See related small jade pebbles carved with animals and rocks, such as two sold in our New York rooms, the first carved with chickens, 11th/12th April 1990, lot 290, and the second with a pair of cranes, from the collection of William and Robert Arnett, 20th March 2012, lot 221; another modelled with monkeys, from the De An Tang collection, included in the exhibition A Romance with Jade, Palace Museum, Beijing, 2004, cat. no. 56, and sold in our London rooms, 7th June 2000, lot 57; and a fourth with a tiger, sold in these rooms, 21st May 1987, lot 650. Compare also a brushrest carved in openwork with phoenix, in the Palace Museum, Beijing, included in the exhibition China. The Three Emperors 1662-1795, Royal Academy of Arts, London, 2005, cat. no. 224; another, attributed to the Ming dynasty, from the Guan-fu collection, included in the exhibition Chinese Jades from Han to Ch’ing, The Asia House Gallery, New York, 1980, cat. no. 112; and a third carved with a crane and a deer, sold in our London rooms, 17th October 1978, lot 299, and again in our New York rooms, 27th February 1981, lot 475.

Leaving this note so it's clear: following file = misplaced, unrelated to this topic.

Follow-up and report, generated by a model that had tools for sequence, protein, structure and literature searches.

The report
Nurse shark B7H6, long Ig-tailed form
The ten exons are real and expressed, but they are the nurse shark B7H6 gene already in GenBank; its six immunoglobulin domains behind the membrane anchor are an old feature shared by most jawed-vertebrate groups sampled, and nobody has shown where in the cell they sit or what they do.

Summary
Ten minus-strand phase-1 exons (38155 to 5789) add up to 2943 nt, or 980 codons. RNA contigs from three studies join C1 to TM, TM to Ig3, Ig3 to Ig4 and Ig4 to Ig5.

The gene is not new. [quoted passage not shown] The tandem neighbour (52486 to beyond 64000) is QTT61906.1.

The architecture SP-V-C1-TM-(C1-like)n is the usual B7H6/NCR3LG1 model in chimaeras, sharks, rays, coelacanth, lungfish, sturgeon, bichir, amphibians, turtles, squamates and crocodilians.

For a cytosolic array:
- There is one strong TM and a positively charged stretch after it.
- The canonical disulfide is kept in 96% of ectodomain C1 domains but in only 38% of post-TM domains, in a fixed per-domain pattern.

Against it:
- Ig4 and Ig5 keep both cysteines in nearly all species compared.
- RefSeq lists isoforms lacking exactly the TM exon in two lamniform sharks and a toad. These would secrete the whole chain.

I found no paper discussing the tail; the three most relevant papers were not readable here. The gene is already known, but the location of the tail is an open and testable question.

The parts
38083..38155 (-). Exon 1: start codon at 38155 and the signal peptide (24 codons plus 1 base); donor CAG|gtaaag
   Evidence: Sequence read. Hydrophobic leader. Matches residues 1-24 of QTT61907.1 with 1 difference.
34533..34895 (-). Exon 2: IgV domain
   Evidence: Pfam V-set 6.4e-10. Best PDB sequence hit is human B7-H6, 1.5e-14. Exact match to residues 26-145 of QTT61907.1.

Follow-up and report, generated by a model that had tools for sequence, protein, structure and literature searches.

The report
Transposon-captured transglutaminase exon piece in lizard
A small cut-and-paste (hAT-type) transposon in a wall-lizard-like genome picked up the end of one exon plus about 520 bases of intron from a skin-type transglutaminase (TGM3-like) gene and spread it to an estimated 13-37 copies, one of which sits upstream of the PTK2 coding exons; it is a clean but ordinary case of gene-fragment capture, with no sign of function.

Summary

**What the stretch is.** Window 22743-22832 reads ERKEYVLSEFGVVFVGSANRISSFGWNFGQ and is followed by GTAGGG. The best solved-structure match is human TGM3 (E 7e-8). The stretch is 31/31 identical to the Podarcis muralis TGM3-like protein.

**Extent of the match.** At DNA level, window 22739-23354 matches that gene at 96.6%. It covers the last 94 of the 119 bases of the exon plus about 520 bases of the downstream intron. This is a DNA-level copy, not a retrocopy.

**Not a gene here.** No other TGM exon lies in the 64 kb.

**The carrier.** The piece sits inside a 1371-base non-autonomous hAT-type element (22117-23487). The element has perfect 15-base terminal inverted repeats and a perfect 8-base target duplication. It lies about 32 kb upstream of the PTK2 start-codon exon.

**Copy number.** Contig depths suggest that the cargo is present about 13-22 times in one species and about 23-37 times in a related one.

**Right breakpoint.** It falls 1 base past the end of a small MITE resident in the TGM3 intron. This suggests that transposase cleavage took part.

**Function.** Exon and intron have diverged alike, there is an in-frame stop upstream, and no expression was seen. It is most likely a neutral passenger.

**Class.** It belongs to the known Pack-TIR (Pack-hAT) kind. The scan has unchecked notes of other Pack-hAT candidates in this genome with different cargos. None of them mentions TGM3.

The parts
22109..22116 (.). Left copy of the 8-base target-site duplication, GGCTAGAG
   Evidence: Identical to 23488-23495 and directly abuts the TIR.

The birds depicted on this piece appear to be mandarin ducks, which are notable for their auspicious meaning. From the Yuan dynasty onwards, depictions of ducks swimming in pairs represented fidelity, marital bliss and happiness, as ducks are said to mate for life. Ducks are also associated with official life, as the name for duck, ya, is written with the radical for jia (first or best), and during the Qing dynasty, mandarin ducks were indicative of civil officials of the seventh rank.
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